Melbourne AFLW captain Daisy Pearce will kick off her coaching career at Geelong after she finishes off playing.
Geelong have landed Pearce as part of the AFL's women's coach acceleration program, where top female coaches will be employed by an AFL club for a minimum two-year period between now and 2025.
Pearce, 34, has already committed to playing on for the upcoming season, which starts in August, but her playing career beyond that is uncertain.
"I'm thrilled about coaching opportunities when my playing days at Melbourne have finished," Pearce said in a statement.
"When that is honestly I'm not sure, but coaching is something that excites me when the time is right. I'm grateful for Geelong's interest and Melbourne's ongoing support.
"For the season ahead, my focus remains on representing the Melbourne Football Club and being the best player and teammate I can be.
"Going one step further and winning the flag is my dream and I can't wait to get stuck into another pre-season with the girls."
Pearce is the only candidate who isn't completing her coaching pathway at the club she is currently playing or involved at.
"Daisy has incredible knowledge of the game itself and we think she has enormous potential to coach football at the highest level," Geelong general manager of football Simon Lloyd said.
"... We will be delighted to have Daisy on board when the time is right."
Boom recruit Erin Phillips will be at Port Adelaide while Adelaide captain Chelsea Randall has joined the Crows' program. GWS skipper Alicia Eva will work at the Giants.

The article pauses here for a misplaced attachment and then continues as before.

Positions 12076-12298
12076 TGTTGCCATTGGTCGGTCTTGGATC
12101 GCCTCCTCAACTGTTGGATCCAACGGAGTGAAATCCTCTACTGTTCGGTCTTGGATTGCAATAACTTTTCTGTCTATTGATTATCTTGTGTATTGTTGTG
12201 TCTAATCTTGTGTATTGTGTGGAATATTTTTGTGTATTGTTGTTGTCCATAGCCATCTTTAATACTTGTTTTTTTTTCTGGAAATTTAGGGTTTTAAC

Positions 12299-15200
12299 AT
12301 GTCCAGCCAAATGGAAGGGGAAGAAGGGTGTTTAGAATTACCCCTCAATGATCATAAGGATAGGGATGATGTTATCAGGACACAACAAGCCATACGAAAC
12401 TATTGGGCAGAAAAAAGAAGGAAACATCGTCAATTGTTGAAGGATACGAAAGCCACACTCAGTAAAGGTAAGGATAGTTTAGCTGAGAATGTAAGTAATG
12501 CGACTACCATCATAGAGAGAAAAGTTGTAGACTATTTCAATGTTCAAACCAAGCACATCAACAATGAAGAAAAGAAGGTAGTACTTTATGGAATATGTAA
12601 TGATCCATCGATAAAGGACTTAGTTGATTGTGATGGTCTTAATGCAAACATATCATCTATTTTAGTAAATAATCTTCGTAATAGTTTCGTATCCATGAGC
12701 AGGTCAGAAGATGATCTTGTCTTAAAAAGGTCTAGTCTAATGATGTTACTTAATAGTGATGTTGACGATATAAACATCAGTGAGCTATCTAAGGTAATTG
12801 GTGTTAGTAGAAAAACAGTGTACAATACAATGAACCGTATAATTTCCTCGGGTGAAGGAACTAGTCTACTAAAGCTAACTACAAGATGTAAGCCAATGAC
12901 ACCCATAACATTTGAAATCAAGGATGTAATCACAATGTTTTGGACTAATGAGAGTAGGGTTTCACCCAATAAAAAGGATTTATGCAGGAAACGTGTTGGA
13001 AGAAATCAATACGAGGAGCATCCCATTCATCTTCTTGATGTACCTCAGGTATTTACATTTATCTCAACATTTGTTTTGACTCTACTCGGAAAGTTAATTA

Hawthorn AFLW coach Bec Goddard, Essendon AFLW coach Natalie Wood, former Brisbane captain and Lions AFLW assistant Emma Zielke and Collingwood VFLW coach Chloe McMillan will complete the program at their respective clubs.
North Melbourne's candidate is yet to be confirmed.
The coaches all receive a formal mentorship with a senior men's AFL coach and a level 3 AFL coaching accreditation.
Triple-premiership captain Randall is the first-ever woman in the Crows' mens' coaching ranks and will attend all AFL men's meetings, selection, reviews and be in the coaches' box on game day.
"We are trying to normalise female coaches within this AFL industry and I think that is such an exciting thing," Randall told reporters.
"You can't be what you can't see and that was the same with AFLW players and we have seen these phenomenal athletes ... on the ground, on TV now, and hopefully girls can also see that you can also aspire to be a coach as well in that space."